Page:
By  on January 14, 1994

NEW YORK -- Cosmair is making its first major attempt to loosen Procter & Gamble's grip on the hair care category with a new shampoo and conditioner called Hydravive Performance.

The effort by Cosmair -- the New York-based licensee of L'Oreal SA -- is the latest in the French parent company's long campaign to claim American market share in the hair category and in the makeup, skin care and fragrance segments of the industry.

In the crowded and fiercely competitive $2.2 billion shampoo and conditioner market, said industry sources, L'Oreal has been kept to a 2 to 3 percent market share in unit sales for Colorvive and Permavive combined, two niche brands for chemically treated hair.

L'Oreal is several rungs below P&G on the mass market ladder in the U.S. Among its arsenal of hair care brands, the Cincinnati-based consumer products giant has shampoo leaders Pert Plus and Pro-V, which control 7 and 5 percent shares of the market, respectively, according to sources.

Overall, P&G controls 25 percent of the shampoo market in food and drug stores and 10.5 percent of the conditioner market, according to Towne-Oller & Associates. L'Oreal, by contrast, has 1.1 percent of the shampoo market and 2.6 percent of the conditioner market.

With the introduction in February of Hydravive, a five-item line targeted at the market's mainstream, L'Oreal hopes to shift the balance.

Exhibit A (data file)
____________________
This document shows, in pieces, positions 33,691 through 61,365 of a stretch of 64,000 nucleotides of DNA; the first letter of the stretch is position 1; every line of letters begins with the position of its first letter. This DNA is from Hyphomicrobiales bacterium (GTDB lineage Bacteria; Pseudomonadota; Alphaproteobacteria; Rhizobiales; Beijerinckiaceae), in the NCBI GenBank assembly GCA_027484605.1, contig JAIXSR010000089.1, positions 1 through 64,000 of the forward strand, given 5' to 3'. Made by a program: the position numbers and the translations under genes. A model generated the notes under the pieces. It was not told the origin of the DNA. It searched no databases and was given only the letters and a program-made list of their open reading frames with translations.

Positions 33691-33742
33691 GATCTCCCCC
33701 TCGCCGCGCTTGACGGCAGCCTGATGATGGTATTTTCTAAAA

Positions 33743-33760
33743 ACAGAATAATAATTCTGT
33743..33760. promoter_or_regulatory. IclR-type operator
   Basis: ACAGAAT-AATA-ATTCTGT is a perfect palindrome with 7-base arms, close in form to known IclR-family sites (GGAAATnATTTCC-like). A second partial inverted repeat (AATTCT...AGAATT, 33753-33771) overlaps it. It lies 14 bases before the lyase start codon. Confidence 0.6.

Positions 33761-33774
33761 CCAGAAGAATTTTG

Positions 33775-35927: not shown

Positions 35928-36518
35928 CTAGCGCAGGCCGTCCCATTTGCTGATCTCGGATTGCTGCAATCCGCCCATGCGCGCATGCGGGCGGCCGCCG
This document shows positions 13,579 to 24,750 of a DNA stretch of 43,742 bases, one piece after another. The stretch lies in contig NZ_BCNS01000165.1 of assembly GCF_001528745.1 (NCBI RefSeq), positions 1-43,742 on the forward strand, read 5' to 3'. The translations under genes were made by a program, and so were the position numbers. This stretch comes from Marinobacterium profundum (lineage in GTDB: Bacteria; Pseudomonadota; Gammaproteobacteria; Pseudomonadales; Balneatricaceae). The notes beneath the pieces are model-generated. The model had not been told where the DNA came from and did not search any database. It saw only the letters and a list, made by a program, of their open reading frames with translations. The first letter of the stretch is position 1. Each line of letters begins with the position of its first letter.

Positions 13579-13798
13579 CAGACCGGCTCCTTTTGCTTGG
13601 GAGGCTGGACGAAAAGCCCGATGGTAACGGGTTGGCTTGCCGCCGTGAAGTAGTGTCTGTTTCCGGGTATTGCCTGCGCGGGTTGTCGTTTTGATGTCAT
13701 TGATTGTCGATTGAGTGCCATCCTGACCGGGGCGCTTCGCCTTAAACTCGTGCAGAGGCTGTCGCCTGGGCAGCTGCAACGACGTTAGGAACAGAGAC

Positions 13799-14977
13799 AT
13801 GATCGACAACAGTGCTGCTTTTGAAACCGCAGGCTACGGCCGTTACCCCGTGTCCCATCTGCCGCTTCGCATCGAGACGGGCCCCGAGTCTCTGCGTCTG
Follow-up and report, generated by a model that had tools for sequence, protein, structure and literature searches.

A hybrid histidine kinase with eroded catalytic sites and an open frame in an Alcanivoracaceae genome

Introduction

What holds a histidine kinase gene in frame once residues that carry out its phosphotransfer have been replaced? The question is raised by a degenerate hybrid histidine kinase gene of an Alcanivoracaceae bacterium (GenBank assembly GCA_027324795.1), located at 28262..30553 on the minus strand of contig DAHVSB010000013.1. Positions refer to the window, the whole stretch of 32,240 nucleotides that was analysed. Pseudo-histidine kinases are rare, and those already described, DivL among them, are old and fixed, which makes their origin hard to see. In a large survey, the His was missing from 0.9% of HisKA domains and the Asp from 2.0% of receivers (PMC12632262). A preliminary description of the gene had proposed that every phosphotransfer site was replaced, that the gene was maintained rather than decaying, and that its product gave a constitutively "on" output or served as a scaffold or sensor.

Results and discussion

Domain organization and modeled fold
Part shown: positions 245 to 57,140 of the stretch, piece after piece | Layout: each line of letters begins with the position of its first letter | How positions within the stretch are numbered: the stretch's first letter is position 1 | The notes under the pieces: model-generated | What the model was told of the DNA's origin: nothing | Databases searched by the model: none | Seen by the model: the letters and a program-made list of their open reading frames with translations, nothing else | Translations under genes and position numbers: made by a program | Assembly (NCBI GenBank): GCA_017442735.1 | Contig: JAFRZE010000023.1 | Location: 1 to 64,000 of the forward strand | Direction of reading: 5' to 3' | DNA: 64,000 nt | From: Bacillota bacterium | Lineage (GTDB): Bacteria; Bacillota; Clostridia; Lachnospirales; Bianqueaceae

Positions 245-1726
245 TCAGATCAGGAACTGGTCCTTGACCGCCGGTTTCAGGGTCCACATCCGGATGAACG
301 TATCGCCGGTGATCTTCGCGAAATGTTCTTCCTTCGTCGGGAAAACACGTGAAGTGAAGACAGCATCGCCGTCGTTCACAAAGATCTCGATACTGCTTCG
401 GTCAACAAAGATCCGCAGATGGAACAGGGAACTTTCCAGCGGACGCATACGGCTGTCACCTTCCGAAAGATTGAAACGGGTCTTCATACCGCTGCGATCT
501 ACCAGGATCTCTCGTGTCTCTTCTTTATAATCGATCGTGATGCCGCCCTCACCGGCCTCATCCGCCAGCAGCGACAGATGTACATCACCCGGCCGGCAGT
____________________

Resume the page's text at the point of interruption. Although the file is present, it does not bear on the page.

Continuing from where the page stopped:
Hydravive is expected to double the company's total share this year, according to Joe Campinell, senior vice president and general manager of the hair division.

Although Campinell declined to give specifics, industry sources say L'Oreal expects to achieve a unit share of 5 percent in 1994, a development that would translate into a 7 percent share in dollars for a volume of about $154 million for the three shampoo lines.

For 1995, L'Oreal's plans call for Hydravive to edge toward a 4 percent share in units, giving the company a 6 to 7 percent share, according to sources.

"Hydravive, along with Colorvive and Permavive, will give us a major foothold in the mass market shampoo and conditioner business," Campinell said.

Guy Peyrelongue, president and chief executive officer of Cosmair, called the entry into the American shampoo market L'Oreal's "most important strategic move" in 1994.

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